A negative funds flow has poor implications for a business, as consumers are hesitant towards investing in a stipulated asset due to uncertain performance. While short term negative balances of funds flow statements occur due to market volatility, long term outflows reflect the low intrinsic valuation of a company.

Differences Between Cash Flow and Funds Flow Statement

Understanding the differences between cash flow and funds flow statements can help investors gauge the profitability of a business venture with ease, as the two reports focus on two different aspects of a company. While cash flow analysis assesses the productive capacity and managerial aspects of a company, a funds flow statement helps individuals gain a comprehensive idea regarding investor confidence in a stipulated business.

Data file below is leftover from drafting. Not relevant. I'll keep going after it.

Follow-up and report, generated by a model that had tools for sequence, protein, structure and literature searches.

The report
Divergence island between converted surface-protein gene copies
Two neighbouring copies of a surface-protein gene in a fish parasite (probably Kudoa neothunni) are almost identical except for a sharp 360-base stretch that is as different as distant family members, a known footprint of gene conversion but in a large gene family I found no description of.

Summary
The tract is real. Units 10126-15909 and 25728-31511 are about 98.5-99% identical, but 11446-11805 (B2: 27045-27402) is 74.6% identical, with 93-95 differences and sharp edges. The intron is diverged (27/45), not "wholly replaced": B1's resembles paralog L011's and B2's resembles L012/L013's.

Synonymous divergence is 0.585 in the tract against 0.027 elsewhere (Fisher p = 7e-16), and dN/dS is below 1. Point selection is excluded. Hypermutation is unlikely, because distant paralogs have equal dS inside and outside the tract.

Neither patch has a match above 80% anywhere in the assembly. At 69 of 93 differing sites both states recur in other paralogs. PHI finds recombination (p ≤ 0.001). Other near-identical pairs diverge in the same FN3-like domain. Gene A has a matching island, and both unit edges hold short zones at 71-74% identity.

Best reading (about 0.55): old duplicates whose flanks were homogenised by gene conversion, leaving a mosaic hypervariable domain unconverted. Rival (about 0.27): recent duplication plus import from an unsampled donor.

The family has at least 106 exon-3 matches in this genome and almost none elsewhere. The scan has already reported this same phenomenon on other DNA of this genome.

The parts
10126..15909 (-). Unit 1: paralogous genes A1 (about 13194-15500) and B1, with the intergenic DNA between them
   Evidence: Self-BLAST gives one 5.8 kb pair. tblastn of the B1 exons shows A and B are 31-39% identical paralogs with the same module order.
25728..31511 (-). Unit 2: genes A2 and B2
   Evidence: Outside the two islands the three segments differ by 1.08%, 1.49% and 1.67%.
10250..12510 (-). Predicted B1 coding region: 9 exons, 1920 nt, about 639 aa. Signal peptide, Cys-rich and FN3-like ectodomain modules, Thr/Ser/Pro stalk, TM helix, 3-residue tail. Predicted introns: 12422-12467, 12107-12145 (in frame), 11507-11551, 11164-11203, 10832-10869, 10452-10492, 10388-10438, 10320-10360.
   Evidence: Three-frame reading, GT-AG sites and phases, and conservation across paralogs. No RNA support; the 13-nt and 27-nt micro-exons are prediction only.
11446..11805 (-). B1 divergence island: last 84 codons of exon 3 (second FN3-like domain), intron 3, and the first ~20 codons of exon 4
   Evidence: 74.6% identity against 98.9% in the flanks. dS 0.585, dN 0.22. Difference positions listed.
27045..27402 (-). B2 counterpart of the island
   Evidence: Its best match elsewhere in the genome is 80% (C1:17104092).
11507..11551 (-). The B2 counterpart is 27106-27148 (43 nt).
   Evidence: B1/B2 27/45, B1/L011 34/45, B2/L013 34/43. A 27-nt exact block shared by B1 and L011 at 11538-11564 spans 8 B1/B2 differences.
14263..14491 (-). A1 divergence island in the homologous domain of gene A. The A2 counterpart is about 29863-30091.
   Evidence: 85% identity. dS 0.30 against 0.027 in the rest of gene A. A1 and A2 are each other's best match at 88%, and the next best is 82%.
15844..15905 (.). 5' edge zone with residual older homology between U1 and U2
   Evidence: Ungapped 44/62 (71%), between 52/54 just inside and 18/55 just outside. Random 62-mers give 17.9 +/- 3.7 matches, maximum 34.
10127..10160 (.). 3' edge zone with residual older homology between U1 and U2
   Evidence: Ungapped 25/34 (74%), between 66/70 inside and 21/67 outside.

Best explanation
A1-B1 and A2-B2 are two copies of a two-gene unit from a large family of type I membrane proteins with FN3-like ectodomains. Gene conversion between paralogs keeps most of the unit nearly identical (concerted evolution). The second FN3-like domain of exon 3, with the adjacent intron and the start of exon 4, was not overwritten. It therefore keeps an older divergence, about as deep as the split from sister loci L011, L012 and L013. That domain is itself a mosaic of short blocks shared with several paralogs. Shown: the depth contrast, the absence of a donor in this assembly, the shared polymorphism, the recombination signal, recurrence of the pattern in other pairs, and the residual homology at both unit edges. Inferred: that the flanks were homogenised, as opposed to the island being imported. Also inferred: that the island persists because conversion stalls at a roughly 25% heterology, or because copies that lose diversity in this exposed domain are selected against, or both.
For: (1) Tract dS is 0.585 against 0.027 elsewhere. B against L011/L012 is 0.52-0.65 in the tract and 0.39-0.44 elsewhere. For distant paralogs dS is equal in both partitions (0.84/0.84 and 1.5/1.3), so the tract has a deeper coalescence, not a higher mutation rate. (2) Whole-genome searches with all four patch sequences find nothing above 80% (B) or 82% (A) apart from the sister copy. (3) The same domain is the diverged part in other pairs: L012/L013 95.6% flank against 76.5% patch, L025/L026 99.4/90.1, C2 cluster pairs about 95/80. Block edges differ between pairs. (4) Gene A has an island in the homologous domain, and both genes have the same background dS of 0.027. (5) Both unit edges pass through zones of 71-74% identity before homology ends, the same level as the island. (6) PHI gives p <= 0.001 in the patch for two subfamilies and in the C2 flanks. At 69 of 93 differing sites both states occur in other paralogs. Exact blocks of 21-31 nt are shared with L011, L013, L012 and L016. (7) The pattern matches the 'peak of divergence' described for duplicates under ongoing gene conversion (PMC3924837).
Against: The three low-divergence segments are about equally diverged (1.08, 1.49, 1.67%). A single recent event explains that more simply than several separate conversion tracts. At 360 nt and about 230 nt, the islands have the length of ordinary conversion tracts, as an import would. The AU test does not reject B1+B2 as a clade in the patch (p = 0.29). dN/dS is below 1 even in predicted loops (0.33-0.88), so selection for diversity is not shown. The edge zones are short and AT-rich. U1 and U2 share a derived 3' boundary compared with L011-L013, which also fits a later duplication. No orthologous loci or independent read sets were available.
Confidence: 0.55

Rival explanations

One can distinguish between cash flow and funds flow statements via the following different pointers.

Points of Difference Cash Flow Statement Funds Flow Statement
Meaning Detailed accounting balance containing all cash movements (inflows and outflows) of a company during a particular time.A statement containing information regarding net funds raised through equity and debt tools minus expenses such as dividend payouts, loan repayments, share buybacks, etc.
Components
  1. Cash flow from operating expenses
  2. Cash flow from finances
  3. Cash flow from investments
  1. Working capital (accounting aspect)
  2. Sources of funds raised (investment aspect)
PurposeInvestors can analyse the efficiency of a company through its cash flow statement.Investors can analyse the market demand for underlying security by going through a company’s funds flow statement.